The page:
Acute bacterial skin and skin structure infections (ABSSSI): Practice guidelines for management and care transitions in the emergency department and hospital

Charles V. Pollack, Alpesh Amin, William T. Ford, Richard Finley, Keith S. Kaye, Hien H Nguyen, Michael J. Rybak, David Talan

Research output: Contribution to journalArticle

55 Scopus citations

Abstract

Background: Acute bacterial skin and skin structure infections (ABSSSI), formally referred to as complicated skin and soft tissue infections, include infections with resistance to previously effective antimicrobials. Increasing dramatically in incidence, they have become a challenging medical problem associated with high direct and indirect costs to both the medical system and society. Objectives: To describe the burden of ABSSSI and to explore multidisciplinary approaches to its management and new treatments that can be initiated in the emergency department. Discussion: We offer a best practice model aimed at providing risk-stratified and convenient care for ABSSSI at the lowest possible cost, while minimizing complications, readmissions, and inappropriate antibiotic use. In doing so, we focus on the care provided by emergency physicians and hospitalists and the transition of management between them for inpatient care, as well as the facilitation of observation or direct-to-outpatient care for suitable patients. Conclusions: A standard, consistent, and multidisciplinary approach to ABSSSI can streamline care, reduce admissions, support antimicrobial stewardship, and improve clinical and resource consumption outcomes.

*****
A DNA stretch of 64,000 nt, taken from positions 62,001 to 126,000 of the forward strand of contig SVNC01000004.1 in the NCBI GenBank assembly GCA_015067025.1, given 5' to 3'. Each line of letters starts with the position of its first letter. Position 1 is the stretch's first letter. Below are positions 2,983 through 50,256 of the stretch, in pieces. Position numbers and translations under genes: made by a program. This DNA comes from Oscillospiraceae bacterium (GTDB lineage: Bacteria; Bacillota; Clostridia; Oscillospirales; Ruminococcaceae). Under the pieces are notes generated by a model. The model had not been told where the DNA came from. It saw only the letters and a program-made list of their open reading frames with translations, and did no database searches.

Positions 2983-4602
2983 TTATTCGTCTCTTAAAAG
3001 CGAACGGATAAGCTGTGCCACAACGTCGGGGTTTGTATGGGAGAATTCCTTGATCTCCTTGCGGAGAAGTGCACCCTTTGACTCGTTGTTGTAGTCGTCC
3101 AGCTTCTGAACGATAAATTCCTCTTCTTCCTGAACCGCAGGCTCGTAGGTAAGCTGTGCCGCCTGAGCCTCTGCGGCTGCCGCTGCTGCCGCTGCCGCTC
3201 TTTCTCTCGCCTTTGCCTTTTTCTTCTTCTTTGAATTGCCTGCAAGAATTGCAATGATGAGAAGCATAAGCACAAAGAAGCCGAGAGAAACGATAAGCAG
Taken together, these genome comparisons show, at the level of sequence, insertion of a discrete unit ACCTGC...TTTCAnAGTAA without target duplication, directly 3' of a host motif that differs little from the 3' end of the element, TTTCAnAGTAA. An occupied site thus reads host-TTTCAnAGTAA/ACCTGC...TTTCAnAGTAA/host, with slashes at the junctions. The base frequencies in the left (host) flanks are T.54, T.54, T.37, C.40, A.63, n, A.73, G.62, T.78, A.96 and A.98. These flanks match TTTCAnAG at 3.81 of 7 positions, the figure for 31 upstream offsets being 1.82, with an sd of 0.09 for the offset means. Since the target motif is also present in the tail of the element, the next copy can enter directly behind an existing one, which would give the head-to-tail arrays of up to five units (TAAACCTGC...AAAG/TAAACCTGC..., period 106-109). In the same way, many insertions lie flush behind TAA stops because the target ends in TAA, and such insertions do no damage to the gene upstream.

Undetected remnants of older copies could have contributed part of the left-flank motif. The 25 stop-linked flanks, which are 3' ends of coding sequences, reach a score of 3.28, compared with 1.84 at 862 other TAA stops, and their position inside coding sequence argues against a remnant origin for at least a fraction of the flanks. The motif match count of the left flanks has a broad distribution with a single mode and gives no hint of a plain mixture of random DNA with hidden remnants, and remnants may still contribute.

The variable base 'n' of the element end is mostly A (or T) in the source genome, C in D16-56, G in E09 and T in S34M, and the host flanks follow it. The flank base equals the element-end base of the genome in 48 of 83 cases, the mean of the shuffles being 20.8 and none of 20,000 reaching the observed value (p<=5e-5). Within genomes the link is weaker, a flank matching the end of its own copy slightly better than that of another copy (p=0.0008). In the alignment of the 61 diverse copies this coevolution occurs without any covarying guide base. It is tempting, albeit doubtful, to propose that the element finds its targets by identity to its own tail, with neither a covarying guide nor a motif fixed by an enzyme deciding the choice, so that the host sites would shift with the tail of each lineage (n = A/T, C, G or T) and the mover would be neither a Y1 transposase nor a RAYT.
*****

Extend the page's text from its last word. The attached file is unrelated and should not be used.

Original languageEnglish (US)
Pages (from-to)508-519
Number of pages12
JournalJournal of Emergency Medicine
Volume48
Issue number4
DOIs
StatePublished - 2015

Keywords

  • Absssi
  • Antibiotics
  • Best practice
  • Processes of care
  • Skin infections

ASJC Scopus subject areas

  • Emergency Medicine

Fingerprint Dive into the research topics of 'Acute bacterial skin and skin structure infections (ABSSSI): Practice guidelines for management and care transitions in the emergency department and hospital'. Together they form a unique fingerprint.

  • Cite this